Previous Challenge Entry (Level 3 - Advanced)
Topic: Cousin(s) (05/22/08)
TITLE: The Snake.
By Esther Gellert
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I was sick and tired of my little sisters whining, even though I knew exactly how she felt. We had been in the car for almost eight hours now and I was keen to reach my Uncle’s farm in South Australia. I couldn’t wait to see my cousins again either.
Michael and Gabriel were just a few years older than me, but they seemed to know so much more about life. The stories they told were full of adventure and excitement. Auntie Shirl said that although she’d named her boys after angels, it hadn’t made them angelic. I thought they lived up to the angels Dad read about in the Bible. Mike and Gabe were always bold and brave. On their camping trip to the Northern Territory last summer a six foot croc had crawled into their tent while they were out rock climbing. It almost bit Gabe’s leg off when they got back, but Mike scared it away with a flaming branch from the campfire. I grinned as I thought of some of the other things they’d done. They’d stolen emu eggs from the nest, been swooped by wedge-tailed eagles, attacked by dingos and they had even seen a Tasmanian tiger.
Dad and Mum said I was too young to go camping with Mike and Gabe last summer, but now I’m twelve Dad has promised to let me camp out for a couple of days.
When we arrived at Uncle Pete and Auntie Shirl’s farm, Mike and Gabe were already out on the motorbikes in the back paddock. Mum said I wasn’t allowed to join them yet, so I went inside and listened as Auntie Shirl “Ooh’d” and “Aah’d” over how much Katie and I had grown in a year.
I tried to get Dad’s attention and asked again if I could go out and find my cousins. Dad was deep in conversation with Uncle Pete, so I took his brief nod as a yes and headed out the door before he could change his mind.
Uncle Pete’s farm had been in the family for over a hundred years and it looked every day of it. The yard was littered with a century worth of rusty, broken machinery. Normally I loved tinkering around with the machinery, but today I just wanted to find Mike and Gabe. I was surprised they hadn’t come in to greet us.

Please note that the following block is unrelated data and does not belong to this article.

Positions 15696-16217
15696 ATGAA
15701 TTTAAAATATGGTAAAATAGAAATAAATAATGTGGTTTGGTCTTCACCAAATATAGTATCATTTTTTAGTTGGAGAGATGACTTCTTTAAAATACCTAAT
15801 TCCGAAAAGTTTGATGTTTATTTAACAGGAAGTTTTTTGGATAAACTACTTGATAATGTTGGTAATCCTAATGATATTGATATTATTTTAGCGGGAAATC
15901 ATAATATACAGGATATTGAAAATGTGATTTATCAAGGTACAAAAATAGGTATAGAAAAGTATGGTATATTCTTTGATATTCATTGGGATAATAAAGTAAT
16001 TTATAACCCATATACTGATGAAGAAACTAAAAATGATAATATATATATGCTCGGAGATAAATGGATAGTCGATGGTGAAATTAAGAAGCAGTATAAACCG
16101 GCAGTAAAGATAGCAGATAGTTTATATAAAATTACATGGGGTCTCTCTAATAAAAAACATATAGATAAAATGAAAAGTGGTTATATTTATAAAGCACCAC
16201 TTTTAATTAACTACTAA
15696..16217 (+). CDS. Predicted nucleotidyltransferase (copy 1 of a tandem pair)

As I headed for the paddock where I’d heard the motorbike, I was interrupted by the sound of voices in one of the derelict sheds. On impulse, I decided to sneak up on my cousins and surprise them.
As I crept closer, I heard Mike’s voice. “What you got there, Gabe?”
“It’s a baby snake. Look how little it is,” Gabe replied. “D’ya think we could use it to scare those baby cousins of ours?”
“Nah. Too small. Let’s just tell ‘em about it. We’ll say it was five foot long.” I heard the excitement begin to creep into Mike’s voice.
“Yeah, and we’ll say it’s a King Brown too. Do you reckon Dad’ll believe that?”
“Should believe it. Let’s tell ‘em it was gonna bite you, but I grabbed it’s tail and flicked it against a tree to save you.”
Gabe let out a strange squawking noise. “Well, that’s not fair. We told ‘em you saved me from that croc last year. I think it’s time I did the saving for once.”
There was a pause before Mike responded. “I guess you’re right Gabe. It is your turn. Okay. We’ll tell ‘em I was jumping out of the tree and I tripped over and got knocked out cold. You climbed down and saw the snake ready to strike at me, but because you were behind ‘im, you managed to grab his tail, swing ‘im around and whack ‘im against a tree.”
I couldn’t believe what I was hearing. How dare they call me a baby! And did they always make up stories like this to tell me? I allowed my mind to wander back over every story my cousins had ever told me and suddenly it came to me. Everything they said was a lie. Every story and every heroic epic they had ever told me was a complete fabrication. Auntie Shirl was right. My cousins might be named after angels, but there was nothing angelic about them.
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